N.C. Gen. Stat. § 1A-1, Rule 24 (2020).
¶ 20 A motion to intervene, whether of right or permissively, must be timely. See id.; State ex rel. Easley v. Philip Morris Inc., 144 N.C. App. 329, 332, 548 S.E.2d 781, 783 (2001) (citing N.C. Gen. Stat. § 1A-1, Rule 24). “Timeliness is the threshold question to be considered in any motion for intervention.” State Employees' Credit Union, Inc. v. Gentry, 75 N.C. App. 260, 264, 330 S.E.2d 645, 648 (1985) (citation omitted). In determining the timeliness of a motion to intervene, the trial court must consider “(1) the status of the case, (2) the possibility of unfairness or prejudice to the existing parties, (3) the reason for the delay in moving for intervention, (4) the resulting prejudice to the applicant if the motion is denied, and (5) any unusual circumstances.” Procter v. City of Raleigh Bd. of Adjustment, 133 N.C. App. 181, 183, 514 S.E.2d 745, 746 (1999) (citing Gentry, 75 N.C. App. at 264, 330 S.E.2d at 648). “In situations where a judgment has been entered, motions to intervene are granted only upon a finding of ‘extraordinary and unusual circumstances’ or a ‘strong showing of entitlement and justification.’ ” Id. (citing Gentry, 75 N.C. App. at 264, 330 S.E.2d at 648).
1. Status of the Case
¶ 21 CFPUA argues that the trial court failed to appropriately assess the first factor bearing on timeliness, the status of the case. CFPUA specifically contends that the trial court erred because the Consent Order “is not a final judgment, and does not constitute a judgment for purposes of the intervention analysis.” We disagree.
¶ 22 The trial court addressed this factor as follows:
This Court entered judgment in this case in the form of a Consent Order on February 25, 2019, over eighteen months ago. CFPUA's delay must be measured from entrance of this Consent Order. CFPUA was fully aware of the Consent Order. In fact, CFPUA was present in Court on the day it was entered. There are no extraordinary or unusual circumstances that justify CFPUA's long delay. Therefore, this factor weighs heavily against CFPUA and is itself a sufficient basis for denial of CFPUA's Third Motion to Intervene.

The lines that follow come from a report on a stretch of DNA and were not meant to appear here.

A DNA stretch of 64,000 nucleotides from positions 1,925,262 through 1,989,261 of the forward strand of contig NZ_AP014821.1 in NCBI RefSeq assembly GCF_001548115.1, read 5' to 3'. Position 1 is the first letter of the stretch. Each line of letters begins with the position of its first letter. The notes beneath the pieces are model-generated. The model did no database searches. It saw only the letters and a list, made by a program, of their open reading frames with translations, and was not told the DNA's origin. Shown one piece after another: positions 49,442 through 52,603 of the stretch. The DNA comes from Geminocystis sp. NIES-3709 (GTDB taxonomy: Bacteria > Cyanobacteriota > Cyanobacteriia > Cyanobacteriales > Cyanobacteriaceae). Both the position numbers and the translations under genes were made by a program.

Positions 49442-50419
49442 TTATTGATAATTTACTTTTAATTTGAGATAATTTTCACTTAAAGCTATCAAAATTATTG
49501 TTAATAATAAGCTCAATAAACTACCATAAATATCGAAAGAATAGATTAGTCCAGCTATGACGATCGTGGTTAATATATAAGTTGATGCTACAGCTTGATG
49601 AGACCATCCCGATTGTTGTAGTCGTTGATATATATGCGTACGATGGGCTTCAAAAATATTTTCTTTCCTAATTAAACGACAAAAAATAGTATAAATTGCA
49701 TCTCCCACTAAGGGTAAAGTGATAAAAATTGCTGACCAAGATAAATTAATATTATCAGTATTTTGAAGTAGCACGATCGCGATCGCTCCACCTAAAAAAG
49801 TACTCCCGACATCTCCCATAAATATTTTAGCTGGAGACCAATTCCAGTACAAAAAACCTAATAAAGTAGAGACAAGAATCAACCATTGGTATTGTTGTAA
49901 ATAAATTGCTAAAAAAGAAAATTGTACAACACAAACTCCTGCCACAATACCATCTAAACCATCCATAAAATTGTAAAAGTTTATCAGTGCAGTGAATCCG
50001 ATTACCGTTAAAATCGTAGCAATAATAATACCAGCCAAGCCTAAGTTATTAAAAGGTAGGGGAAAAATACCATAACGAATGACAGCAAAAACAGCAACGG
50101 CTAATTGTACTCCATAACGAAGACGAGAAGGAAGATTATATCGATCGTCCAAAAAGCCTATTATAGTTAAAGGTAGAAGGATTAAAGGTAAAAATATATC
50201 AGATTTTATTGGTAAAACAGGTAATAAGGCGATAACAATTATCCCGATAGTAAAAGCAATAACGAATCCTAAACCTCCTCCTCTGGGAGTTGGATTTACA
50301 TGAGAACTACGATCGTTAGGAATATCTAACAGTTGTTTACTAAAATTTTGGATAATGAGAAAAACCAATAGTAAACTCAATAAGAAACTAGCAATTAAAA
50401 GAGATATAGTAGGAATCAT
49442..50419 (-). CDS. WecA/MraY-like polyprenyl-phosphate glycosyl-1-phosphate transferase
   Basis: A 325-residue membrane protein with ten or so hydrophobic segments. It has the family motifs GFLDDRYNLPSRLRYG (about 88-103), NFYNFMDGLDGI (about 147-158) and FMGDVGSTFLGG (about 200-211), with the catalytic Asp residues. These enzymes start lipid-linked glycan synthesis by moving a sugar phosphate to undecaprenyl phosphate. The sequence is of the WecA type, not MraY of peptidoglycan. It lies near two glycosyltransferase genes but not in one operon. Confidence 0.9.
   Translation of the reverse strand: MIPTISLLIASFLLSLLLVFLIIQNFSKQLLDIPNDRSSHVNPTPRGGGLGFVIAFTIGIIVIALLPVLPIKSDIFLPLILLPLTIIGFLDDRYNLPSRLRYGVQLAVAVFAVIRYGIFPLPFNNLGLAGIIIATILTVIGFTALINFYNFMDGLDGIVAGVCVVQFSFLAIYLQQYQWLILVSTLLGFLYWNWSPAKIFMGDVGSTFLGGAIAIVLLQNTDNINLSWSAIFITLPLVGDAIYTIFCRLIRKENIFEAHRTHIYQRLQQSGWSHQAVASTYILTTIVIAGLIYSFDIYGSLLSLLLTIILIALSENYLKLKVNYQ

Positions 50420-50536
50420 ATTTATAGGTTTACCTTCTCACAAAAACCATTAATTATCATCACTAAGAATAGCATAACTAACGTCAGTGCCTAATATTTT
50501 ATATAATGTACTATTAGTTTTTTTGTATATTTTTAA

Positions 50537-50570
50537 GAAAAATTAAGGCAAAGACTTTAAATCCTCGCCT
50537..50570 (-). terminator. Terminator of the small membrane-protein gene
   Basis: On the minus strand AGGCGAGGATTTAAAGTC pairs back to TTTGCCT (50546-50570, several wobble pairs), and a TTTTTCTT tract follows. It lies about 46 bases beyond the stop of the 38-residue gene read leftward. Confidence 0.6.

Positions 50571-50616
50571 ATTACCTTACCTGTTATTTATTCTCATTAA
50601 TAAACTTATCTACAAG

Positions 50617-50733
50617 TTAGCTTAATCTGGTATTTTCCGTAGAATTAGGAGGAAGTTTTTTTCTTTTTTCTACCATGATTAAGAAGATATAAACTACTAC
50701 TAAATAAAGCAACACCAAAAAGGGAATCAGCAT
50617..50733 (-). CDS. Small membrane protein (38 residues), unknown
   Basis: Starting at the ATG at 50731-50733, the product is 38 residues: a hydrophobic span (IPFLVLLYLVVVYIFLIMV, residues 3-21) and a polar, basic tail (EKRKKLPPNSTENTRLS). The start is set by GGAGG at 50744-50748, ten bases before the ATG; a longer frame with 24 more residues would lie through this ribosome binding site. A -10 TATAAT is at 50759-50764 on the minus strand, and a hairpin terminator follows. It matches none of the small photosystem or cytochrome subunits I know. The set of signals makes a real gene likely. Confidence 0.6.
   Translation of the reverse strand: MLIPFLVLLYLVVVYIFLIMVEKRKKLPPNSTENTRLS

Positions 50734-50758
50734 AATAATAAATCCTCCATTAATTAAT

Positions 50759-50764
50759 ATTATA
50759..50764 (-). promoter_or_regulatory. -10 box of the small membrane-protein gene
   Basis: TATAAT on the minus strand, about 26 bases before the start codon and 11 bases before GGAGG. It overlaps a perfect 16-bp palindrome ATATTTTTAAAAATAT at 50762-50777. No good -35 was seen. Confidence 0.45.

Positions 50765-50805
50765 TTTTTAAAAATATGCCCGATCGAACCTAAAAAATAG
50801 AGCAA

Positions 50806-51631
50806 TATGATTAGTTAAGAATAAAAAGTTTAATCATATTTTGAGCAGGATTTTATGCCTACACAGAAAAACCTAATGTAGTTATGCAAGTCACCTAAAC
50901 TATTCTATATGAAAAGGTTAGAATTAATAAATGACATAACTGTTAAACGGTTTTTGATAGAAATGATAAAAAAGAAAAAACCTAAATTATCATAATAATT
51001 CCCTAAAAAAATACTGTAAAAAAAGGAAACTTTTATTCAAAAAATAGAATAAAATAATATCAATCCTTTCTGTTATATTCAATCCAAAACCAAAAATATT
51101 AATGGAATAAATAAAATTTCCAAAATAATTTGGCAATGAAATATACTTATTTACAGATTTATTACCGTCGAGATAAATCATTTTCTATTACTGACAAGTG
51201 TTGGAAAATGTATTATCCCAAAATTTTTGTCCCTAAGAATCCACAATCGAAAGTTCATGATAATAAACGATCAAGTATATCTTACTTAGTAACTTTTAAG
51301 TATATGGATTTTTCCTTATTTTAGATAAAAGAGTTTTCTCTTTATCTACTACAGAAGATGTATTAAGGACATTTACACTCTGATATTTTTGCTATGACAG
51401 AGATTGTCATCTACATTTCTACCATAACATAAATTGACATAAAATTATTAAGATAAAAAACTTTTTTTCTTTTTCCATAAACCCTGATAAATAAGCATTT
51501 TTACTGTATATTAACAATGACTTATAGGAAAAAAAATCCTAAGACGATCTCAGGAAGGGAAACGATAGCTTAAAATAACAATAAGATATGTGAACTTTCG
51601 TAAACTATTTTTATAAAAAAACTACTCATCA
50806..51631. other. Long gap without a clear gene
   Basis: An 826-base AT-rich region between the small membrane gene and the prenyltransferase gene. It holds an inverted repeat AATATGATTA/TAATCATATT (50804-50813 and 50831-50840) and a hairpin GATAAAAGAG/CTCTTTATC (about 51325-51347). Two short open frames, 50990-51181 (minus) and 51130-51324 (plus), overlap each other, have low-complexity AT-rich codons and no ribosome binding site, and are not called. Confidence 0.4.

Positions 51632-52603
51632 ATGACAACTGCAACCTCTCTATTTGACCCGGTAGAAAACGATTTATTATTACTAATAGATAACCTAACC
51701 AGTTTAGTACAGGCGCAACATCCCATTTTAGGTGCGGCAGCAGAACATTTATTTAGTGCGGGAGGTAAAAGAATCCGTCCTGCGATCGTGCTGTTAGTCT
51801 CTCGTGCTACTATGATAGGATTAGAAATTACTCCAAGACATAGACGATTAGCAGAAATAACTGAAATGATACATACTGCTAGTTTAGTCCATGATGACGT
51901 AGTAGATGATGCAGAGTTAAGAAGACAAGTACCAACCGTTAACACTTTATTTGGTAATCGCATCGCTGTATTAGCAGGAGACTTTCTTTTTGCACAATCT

¶ 23 The Consent Order contains a comprehensive release of
civil and administrative claims for injunctive relief and civil penalties by Plaintiff against Chemours relating to the release of PFAS from the Facility that have been or could have been brought based on information known to DEQ prior to the lodging of the original Proposed Consent Order on November 28, 2018 for past and continuing violations of the following statutes and regulations: the Clean Water Act and regulations promulgated thereunder; the Clean Air Act and regulations promulgated thereunder; and the North Carolina statutes and regulations referenced in the Complaint, the Amended Complaint and the [Notices of Violation]․ Furthermore, DEQ agrees that, based on information known to DEQ prior to the lodging of the original Proposed Consent Order on November 28, 2018, this Consent Order addresses and resolves any violation or condition at the Facility insofar as it could serve as the basis for a claim, proceeding, or action pursuant to Section 13.1(a) or (c) of North Carolina Session Law 2018-5.
In consideration of this release, Chemours agreed to be bound by the obligations detailed in the Consent Order. The parties thus resolved the State's claims by agreeing to implement the Consent Order, and the trial court retained jurisdiction only “for the duration of the performance of the terms and provisions of [the] Consent Order to effectuate or enforce compliance with the terms of [the] Consent Order[.]”